This article comprehensively reviews the clinical trials and considers the future directions of the use of vitamin D and its analogs in the treatment or chemoprevention of breast cancer. Chemopreventive treatment strategies strive to delay the onset of certain cancers, prevent the progression of malignant disease after diagnosis, or delay the advent of recurrence after curative treatment. We first summarize the epidemiological evidence that led to the hypothesis that vitamin D may have an anti-cancer activity. Vitamin D shows great potential as a therapy for breast cancer; however, its use in clinical trials has been hindered by the induction of hypercalcemia at a concentration required to suppress cancer cell proliferation. This has led to the development of less calcemic analogs of vitamin D. We review the clinical trials with breast cancer patients using vitamin D analogs.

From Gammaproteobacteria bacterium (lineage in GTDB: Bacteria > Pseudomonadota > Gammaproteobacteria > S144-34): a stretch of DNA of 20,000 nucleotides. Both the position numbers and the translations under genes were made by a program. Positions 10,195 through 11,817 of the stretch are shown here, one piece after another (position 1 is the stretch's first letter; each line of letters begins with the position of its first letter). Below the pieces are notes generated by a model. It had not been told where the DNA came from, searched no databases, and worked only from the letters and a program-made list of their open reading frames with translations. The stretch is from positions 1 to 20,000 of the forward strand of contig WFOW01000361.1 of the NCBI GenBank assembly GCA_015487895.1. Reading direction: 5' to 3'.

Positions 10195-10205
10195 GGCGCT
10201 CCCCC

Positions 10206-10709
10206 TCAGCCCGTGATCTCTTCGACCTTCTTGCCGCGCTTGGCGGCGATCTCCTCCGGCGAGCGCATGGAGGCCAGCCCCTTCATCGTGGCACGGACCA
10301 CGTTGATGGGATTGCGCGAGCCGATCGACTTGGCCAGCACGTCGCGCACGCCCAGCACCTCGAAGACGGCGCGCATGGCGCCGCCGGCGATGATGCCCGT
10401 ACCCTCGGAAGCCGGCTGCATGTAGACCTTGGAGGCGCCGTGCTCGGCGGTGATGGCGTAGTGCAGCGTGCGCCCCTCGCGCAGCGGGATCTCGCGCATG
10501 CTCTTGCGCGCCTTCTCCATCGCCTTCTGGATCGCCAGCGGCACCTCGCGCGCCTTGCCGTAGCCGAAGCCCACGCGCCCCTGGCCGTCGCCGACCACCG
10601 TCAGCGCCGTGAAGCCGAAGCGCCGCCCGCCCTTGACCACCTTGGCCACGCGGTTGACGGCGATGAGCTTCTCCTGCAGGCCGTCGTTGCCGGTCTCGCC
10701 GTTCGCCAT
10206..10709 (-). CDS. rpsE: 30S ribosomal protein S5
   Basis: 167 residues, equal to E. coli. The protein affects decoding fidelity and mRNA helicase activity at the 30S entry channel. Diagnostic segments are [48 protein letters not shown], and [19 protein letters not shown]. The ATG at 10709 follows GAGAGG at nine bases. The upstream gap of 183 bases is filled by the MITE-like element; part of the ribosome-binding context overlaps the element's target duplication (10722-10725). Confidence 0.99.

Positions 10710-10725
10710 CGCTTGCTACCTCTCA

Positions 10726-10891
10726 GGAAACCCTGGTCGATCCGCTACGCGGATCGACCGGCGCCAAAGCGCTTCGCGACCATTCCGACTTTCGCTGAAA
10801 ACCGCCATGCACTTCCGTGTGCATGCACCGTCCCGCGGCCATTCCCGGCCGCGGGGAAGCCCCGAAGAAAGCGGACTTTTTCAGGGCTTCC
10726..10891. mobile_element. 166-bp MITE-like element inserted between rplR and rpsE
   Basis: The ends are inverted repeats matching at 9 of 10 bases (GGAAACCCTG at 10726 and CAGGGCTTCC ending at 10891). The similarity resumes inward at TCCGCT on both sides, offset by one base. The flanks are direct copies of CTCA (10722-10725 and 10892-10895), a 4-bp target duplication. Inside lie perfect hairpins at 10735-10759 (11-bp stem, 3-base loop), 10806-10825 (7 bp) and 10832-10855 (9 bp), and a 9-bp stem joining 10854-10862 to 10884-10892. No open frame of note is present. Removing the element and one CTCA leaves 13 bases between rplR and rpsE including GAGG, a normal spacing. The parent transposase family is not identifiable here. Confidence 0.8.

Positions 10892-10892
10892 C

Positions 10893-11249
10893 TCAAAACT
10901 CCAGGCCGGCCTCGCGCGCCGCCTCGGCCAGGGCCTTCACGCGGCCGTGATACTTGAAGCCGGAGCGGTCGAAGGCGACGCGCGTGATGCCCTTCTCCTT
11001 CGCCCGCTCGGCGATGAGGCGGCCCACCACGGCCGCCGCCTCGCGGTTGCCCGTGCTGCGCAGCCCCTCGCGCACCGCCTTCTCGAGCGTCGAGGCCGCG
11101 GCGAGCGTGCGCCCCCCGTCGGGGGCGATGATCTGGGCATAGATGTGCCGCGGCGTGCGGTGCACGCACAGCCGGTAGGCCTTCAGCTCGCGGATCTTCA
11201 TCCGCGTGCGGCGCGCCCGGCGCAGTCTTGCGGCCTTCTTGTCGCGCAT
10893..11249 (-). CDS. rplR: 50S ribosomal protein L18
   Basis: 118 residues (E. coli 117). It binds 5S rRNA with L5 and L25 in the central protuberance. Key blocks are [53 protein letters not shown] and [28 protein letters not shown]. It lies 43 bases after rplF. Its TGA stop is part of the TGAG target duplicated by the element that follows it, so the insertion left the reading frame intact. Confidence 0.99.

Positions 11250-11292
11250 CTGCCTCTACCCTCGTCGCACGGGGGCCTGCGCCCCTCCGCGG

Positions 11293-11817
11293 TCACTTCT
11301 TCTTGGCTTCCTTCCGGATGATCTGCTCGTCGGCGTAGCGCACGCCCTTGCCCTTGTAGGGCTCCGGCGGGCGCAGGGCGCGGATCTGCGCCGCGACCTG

aDepartment of Radiation Oncology, UC Davis Cancer Center, Sacramento, California
bDepartment of Surgical Oncology, University of Illinois, Chicago, Illinois
cDepartment of Radiation Oncology, Mayo Clinic–Jacksonville, Jacksonville, Florida
dCarcinogenesis and Chemoprevention Division, ITT Research Institute, Chicago, Illinois.
Reprint requests: Srinivasan Vijayakumar, MD, DMRT, FACR, Professor and Chair, Department of Radiation Oncology, University of California, Davis Cancer Center, 4501 X Street, G140, Sacramento, CA 95817. E-mail: email@example.com.
No benefits in any form have been or will be accepted from a commercial party related directly or indirectly to the subject of this article.
Supported in part by DOD Grant No: DAMD17-02-1-0070, HSRRB Log No. A-11241 to SV.
Received on July 25, 2006; accepted for publication September 6, 2006.